• Alliteration, or rhymed consonants, also makes titles easier to remember. Examples include Cliff Atkinson’s “Beyond Bullet Points,” Dr. Frank Luntz’s “Words that Work: It’s Not What You Say, It’s What People Hear,” and Lynne Felder’s “Writing for the Web: Creating Compelling Web Content Using Words, Pictures, and Sound.”
  • Curiosity can be aroused by unexpected words or contradictory terms, which can help set your content apart from “duller” treatments of the same topic. An example is David Chilton’s “The Wealthy Barber.” The contradiction between “wealth” and “barber” compels readers to find out “how” and “why” barbers can become wealthy.

Tim Ferris took curiosity to a new level with his first book, “The 4-Hour Workweek: Escape 9-5, Live Anywhere, and Join the New Rich”. I was skeptical when I heard about it. After all, how could it be true? But, like many others, I bought it because I wanted to find out what he had to say.

6. Voice: Does your title communicate in a conversational tone?

Titles must offer their promise in words that can be easily understood. The best titles have an almost naïve obviousness, or transparency, such as:

  • Michael Port’s “Book Yourself Solid”
  • Scott Belsky’s “Making Ideas Happen”
  • David Allen’s “Getting Things Done”

Titles can never be too simple or too obvious, a point that is well taken by author Michael Larsen, who titled his classic and perennial bestseller, “How to Write a Book Proposal,” and his follow-up “How to Get a Literary Agent.”

Choosing the right verbs: The verbs you use in your book title play an important role in the way readers will approach your book.

  • Imperative or action verbs: Imperative titles begin with a silent “you.” They communicate in an action-oriented, conversational way. Notice the implied action in “Get Clients Now and Book Yourself Solid.”
  • Using gerunds: You can also use the gerund, or “ing” form of action verbs to communicate an ongoing process, as in my book, “Looking Good in Print” or Michael Stelzner’s “Writing White Papers.”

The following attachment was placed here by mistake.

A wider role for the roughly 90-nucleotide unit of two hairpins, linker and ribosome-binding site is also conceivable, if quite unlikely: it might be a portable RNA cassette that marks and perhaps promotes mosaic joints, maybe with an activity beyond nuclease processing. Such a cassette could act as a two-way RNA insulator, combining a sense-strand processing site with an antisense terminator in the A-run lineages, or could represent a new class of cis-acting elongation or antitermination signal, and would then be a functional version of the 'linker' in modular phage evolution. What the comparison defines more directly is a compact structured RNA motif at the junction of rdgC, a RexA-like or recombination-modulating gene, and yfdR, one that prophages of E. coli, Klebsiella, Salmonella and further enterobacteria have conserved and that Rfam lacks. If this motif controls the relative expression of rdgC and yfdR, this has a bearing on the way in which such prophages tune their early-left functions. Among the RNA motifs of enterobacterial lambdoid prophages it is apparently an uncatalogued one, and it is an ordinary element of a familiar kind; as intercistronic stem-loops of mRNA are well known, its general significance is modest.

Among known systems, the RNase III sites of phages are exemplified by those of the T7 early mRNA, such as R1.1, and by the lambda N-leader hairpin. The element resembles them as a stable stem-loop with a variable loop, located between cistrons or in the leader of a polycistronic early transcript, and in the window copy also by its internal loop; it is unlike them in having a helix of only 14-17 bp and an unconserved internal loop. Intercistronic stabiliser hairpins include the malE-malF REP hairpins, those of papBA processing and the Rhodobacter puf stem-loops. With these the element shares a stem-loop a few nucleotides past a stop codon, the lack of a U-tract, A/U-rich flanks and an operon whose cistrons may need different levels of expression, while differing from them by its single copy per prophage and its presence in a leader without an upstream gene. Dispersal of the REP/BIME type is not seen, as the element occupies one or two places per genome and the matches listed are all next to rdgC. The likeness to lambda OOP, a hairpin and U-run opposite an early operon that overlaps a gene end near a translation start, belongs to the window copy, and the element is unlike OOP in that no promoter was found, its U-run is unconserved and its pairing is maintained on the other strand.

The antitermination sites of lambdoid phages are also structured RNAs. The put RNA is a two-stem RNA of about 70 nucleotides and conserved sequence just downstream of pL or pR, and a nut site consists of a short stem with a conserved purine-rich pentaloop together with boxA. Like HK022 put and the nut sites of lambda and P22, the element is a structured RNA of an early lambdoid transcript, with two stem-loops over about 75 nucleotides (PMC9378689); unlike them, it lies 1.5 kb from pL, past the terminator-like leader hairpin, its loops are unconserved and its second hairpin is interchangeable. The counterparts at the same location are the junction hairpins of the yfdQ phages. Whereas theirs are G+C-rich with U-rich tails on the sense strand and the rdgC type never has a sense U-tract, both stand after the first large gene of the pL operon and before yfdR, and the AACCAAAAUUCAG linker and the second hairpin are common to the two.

7. Concise: Did you edit your title to the fewest and shortest words possible?

Concise titles lead to high-impact covers online and in bookstores. Remember, your publication’s cover has to look good at small size. So the fewer the words in your title, the larger the type size they can be set in!

The fewer the words, the more attention each word receives. Malcolm Gladwell is a master of the short title, as exemplified by his books like, “The Tipping Point,” “Blink!,” and “The Outliers.”

8. Reinforcement: Did you include a subtitle that provides additional information?

Combine short titles with longer subtitles that provide additional details. Here’s an example of a bestselling book with a two-word title — and a 17-word subtitle: “Skinny Bitch: A No-Nonsense Guide for Savvy Girls Who Want to Stop Eating Crap and Start Looking Fabulous.” And one of the best examples I can offer here is Larry Fine’s “The Piano Book: Buying and Owning a New or Used Piano.”

In just two words, Gar Reynolds’ “Presentation Zen” sets the stage by describing what the book is about as well as positioning it as a peaceful alternative to competing books. Then, the subtitle provides additional information: “Simple Ideas on Presentation Design and Delivery.”

9. SEO: Does your title include the keywords readers use searching for information online?

In today’s internet-dominated world, it’s essential that your publication’s title and subtitle contains the keywords and phrases readers are likely to use when searching for relevant information.

Using the right keywords in your title also pays big dividends in attracting organic search engine traffic to the landing page on your blog or website — where visitors can learn more and either purchase, or download, a copy.

As you view books on Amazon, note how often subtitles and series titles are used to add additional keywords to a title and attract more search engine traffic.

10. Combine the techniques: Did you use more than one of the above techniques in your title?

Few titles use just a single approach. The best books combine two, or more, of the techniques above, for maximum impact. Often alliterative or metaphor-based titles are combined with subtitles that provide specificity.

Putting the Title Evaluation Scorecard to work

Use the Title Evaluation Scorecard above to analyze proposed titles for articles, blog posts, books, and other content marketing projects. For example, when preparing for a meeting where you will be discussing potential content titles, you can hand out copies to coworkers and ask them to create a filled-in version for each proposed content title. This will encourage discussion on practical, rather than subjective, title characteristics.

More importantly, you can take copies of the Title Evaluation Scorecard with you as you visit bookstores or libraries, and have copies available as you visit your favorite blogs. The more time you spend analyzing titles, the better you’ll be at creating you own!

Share a couple of your favorite titles, and what you like about them, as comments below! Find out if others share your opinions.

For more starter tips for content marketing, read CMI’s eGuide, Getting Started in Content Marketing.